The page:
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Effects of weather variables on thermoregulation of calves during periods of extreme heat
- Theurer, Miles E., Anderson, Daivd E., White, Brad J., Miesner, Matt D., Larson, Robert L.
- American journal of veterinary research 2014 v.75 no.3 pp. 296-300
- ambient temperature, beef cattle, body weight, calves, crossbreds, heat, heat stress, intranasal administration, nose, relative humidity, summer, thermoregulation, vaccines, viruses, wind speed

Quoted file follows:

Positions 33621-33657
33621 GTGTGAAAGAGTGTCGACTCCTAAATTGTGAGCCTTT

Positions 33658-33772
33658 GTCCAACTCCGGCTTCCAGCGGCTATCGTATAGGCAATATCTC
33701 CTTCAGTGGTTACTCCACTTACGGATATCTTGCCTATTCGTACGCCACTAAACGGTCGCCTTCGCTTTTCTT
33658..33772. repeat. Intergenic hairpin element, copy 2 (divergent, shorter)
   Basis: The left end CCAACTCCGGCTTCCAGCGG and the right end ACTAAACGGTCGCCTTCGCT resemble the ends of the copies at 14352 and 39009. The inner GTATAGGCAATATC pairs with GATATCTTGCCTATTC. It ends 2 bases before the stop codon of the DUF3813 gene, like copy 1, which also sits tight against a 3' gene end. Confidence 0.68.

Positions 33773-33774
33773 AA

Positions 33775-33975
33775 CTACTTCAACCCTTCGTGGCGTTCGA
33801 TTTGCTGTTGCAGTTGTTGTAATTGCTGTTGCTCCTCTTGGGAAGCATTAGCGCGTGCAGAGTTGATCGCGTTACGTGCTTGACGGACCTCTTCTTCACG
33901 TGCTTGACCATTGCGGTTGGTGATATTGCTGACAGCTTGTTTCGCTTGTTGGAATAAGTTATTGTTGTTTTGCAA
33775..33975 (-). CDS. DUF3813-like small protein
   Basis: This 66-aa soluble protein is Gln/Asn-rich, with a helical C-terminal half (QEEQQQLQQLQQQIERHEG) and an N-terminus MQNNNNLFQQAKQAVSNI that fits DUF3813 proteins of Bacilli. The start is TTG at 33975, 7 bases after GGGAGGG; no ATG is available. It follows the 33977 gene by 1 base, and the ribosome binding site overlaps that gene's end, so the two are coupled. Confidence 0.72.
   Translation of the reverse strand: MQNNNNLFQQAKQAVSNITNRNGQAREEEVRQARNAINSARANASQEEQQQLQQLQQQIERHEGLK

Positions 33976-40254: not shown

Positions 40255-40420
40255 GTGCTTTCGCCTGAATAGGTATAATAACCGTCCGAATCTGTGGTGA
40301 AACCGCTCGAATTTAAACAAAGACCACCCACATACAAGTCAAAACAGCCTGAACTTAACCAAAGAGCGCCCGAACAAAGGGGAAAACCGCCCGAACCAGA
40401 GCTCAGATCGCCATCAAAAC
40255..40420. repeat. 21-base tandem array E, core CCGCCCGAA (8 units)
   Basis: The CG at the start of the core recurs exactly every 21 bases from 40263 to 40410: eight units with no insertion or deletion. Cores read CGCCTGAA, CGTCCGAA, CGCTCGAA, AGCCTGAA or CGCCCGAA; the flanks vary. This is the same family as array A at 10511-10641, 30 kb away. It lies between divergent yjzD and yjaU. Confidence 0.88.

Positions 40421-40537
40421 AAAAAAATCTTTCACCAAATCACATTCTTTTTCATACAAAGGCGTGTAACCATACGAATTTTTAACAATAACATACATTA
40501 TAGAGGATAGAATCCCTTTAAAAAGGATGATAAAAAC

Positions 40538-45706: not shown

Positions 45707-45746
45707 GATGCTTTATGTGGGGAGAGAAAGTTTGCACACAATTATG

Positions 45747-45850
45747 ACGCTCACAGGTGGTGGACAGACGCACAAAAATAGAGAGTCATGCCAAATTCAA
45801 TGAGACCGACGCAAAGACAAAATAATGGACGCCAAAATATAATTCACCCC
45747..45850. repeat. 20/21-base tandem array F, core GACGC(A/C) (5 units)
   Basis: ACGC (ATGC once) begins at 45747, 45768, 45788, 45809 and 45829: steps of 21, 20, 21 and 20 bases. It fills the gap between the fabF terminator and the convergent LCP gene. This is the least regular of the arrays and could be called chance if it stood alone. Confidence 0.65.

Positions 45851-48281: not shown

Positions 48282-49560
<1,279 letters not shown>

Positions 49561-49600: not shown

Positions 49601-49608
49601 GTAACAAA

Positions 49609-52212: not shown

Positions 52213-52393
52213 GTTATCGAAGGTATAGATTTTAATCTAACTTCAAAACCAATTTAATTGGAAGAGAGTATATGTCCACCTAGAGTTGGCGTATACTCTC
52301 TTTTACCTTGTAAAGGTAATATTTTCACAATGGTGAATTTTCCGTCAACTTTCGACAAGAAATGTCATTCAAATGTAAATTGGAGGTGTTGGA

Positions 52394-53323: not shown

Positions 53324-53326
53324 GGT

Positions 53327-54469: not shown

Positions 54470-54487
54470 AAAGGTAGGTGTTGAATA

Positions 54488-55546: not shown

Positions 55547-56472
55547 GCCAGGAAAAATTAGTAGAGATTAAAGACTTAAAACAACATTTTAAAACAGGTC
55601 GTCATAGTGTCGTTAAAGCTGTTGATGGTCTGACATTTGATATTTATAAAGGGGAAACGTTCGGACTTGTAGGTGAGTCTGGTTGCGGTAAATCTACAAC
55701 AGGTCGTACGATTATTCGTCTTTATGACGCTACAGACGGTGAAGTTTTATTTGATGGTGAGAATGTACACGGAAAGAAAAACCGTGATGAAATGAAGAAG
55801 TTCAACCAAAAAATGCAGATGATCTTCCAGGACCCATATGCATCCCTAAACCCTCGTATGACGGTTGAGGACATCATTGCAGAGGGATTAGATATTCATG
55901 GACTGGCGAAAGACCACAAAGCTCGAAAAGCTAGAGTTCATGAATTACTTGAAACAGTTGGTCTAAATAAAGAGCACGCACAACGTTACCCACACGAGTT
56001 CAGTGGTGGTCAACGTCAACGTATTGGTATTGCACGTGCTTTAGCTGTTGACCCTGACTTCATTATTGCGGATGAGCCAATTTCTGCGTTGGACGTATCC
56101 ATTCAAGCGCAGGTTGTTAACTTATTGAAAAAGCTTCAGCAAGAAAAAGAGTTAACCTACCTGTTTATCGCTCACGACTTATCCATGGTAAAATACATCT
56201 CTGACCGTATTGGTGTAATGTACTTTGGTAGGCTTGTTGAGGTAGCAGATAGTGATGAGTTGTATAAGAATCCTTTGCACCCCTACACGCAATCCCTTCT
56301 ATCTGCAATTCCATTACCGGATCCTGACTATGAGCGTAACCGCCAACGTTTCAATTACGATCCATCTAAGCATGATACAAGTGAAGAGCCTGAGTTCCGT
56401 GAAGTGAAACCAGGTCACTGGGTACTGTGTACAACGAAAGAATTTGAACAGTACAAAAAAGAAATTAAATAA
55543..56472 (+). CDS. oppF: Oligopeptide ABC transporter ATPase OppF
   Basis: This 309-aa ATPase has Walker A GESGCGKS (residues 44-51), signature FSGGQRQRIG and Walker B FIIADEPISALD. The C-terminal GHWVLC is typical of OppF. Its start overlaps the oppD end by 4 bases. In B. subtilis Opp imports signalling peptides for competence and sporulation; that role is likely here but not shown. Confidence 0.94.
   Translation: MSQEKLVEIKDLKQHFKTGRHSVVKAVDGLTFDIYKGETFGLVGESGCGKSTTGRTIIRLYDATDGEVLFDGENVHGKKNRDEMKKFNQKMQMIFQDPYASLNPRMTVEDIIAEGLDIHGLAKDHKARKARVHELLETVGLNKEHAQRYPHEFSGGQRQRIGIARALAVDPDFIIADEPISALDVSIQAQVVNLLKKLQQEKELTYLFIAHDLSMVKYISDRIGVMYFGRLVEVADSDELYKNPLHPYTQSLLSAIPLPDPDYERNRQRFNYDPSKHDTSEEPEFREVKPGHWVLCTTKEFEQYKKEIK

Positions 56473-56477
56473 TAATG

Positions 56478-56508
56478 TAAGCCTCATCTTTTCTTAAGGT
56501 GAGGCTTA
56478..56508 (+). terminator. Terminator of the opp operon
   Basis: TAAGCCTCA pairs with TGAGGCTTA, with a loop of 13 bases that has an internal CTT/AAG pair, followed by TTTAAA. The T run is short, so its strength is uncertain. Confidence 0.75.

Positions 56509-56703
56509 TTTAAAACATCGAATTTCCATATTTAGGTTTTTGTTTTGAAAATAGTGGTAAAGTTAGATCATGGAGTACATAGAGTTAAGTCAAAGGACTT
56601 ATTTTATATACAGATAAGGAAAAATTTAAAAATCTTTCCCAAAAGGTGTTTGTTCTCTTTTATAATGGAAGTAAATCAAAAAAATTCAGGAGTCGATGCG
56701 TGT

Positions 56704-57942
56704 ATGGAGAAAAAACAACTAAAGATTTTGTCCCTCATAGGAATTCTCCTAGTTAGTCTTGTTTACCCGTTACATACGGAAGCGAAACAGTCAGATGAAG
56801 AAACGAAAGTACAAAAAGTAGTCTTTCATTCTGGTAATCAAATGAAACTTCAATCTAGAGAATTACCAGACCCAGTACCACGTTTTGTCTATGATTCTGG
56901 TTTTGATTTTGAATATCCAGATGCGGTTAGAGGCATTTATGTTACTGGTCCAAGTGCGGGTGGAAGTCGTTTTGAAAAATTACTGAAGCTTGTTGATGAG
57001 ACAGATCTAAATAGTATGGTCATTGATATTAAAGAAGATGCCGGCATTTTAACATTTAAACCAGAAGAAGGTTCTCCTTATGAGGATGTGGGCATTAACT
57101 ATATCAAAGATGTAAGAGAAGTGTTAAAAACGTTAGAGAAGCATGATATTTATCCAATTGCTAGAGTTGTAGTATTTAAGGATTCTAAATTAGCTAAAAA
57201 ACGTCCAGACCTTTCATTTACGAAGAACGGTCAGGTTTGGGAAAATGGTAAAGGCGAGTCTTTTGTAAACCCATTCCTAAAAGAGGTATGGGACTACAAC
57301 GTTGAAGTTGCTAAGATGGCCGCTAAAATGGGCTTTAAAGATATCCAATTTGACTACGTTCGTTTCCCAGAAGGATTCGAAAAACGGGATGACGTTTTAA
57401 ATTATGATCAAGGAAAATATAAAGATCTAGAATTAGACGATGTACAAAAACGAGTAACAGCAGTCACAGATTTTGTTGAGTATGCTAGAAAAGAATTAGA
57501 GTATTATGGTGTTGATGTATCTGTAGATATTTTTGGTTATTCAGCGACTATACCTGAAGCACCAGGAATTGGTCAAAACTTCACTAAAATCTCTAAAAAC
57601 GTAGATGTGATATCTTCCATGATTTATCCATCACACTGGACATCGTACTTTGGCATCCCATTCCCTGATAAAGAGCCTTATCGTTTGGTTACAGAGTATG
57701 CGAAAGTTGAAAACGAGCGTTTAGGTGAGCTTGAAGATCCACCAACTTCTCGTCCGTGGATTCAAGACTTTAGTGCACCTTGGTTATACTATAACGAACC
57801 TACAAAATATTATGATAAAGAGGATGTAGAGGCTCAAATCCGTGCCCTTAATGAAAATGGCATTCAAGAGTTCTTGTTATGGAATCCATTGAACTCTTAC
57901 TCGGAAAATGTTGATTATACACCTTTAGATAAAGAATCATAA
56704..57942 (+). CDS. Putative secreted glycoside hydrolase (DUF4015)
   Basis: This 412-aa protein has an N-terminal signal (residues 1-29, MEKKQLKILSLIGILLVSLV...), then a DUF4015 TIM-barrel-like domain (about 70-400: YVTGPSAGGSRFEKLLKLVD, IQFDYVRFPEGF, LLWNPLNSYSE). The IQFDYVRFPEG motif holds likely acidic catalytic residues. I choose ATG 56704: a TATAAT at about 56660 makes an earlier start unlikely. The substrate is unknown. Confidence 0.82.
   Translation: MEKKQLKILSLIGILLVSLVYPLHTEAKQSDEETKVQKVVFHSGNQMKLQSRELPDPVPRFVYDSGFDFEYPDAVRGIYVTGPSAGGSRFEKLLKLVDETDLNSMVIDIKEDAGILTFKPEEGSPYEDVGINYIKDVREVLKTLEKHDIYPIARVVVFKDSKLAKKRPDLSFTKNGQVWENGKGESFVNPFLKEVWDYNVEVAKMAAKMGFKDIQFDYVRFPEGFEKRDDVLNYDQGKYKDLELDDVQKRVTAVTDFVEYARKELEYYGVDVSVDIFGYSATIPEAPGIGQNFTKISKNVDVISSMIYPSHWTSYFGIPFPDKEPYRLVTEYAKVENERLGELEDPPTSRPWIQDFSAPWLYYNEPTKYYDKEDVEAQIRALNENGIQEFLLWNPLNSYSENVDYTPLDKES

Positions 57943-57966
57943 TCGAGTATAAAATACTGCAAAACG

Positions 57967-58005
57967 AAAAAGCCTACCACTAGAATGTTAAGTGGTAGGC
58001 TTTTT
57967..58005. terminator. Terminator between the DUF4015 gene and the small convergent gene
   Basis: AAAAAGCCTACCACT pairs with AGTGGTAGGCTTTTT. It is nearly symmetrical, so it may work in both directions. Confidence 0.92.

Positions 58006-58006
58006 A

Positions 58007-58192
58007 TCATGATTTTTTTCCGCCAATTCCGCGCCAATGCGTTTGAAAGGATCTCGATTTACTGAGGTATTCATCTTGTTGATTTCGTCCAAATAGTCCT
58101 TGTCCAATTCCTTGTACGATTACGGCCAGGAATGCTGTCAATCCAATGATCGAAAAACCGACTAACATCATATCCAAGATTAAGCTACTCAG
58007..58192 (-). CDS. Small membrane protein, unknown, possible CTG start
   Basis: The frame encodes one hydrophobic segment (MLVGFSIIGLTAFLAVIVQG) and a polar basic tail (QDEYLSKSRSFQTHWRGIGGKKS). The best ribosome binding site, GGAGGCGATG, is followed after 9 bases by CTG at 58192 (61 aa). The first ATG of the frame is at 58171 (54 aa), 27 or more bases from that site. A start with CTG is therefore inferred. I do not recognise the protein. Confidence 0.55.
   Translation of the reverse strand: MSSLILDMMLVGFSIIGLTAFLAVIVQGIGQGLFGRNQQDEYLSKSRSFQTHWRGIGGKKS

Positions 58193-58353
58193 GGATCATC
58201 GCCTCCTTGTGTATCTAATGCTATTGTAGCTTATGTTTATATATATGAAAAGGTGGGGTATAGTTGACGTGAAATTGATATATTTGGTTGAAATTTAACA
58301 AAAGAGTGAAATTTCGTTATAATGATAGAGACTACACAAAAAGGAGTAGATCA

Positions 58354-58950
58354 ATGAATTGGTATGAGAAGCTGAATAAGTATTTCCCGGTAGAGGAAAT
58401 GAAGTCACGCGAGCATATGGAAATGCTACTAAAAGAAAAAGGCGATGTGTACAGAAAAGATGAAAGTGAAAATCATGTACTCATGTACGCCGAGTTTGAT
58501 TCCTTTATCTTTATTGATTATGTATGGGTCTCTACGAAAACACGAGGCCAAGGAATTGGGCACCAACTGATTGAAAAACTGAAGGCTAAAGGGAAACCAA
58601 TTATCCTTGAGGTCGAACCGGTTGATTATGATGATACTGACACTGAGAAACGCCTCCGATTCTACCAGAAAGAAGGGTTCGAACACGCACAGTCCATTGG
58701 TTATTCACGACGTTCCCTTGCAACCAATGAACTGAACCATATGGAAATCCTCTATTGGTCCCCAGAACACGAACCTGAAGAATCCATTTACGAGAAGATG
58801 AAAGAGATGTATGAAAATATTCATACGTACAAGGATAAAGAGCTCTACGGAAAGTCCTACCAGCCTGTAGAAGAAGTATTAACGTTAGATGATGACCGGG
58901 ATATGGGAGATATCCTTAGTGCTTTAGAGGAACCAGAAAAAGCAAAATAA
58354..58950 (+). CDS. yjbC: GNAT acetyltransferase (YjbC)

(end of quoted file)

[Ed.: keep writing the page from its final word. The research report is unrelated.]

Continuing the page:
- Objective-To determine effects of ambient temperature, relative humidity, wind speed, relative barometric pressure, and temperature-humidity index (THI) on nasal submucosal and rectal temperatures in cattle during extreme summer conditions. Animals-20 black crossbred beef heifers (mean body weight, 217.8 kg). Procedures-Nasal submucosal and rectal temperatures were monitored every 2 hours for 24 hours on 3 nonconsecutive days when ambient temperature was forecasted to exceed 32.2°C. Ambient temperature, relative humidity, wind speed, and relative barometric pressure were continuously monitored at a remote weather station located at the research facility. The THI was calculated and used in the livestock weather safety index (LWSI). Relationships between nasal submucosal or rectal temperature and weather variables were evaluated. Results-Nasal submucosal and rectal temperatures were related to all weather variables monitored. A positive relationship was determined for ambient temperature and THI with both nasal submucosal and rectal temperatures. A negative relationship was evident for nasal submucosal and rectal temperature with relative humidity, wind speed, and relative barometric pressure. Nasal submucosal and rectal temperatures increased with increasing severity of LWSI category. Conclusions and Clinical Relevance-Effects of environmental conditions on thermoregulation in calves exposed to extreme heat were detected. The positive relationship between nasal submucosal temperature and ambient temperature and THI raised concerns about the efficacy of intranasal administration of temperature-sensitive modified-live virus vaccines during periods of extreme heat. Environmental conditions must be considered when rectal temperature is used as a diagnostic tool for identifying morbid cattle.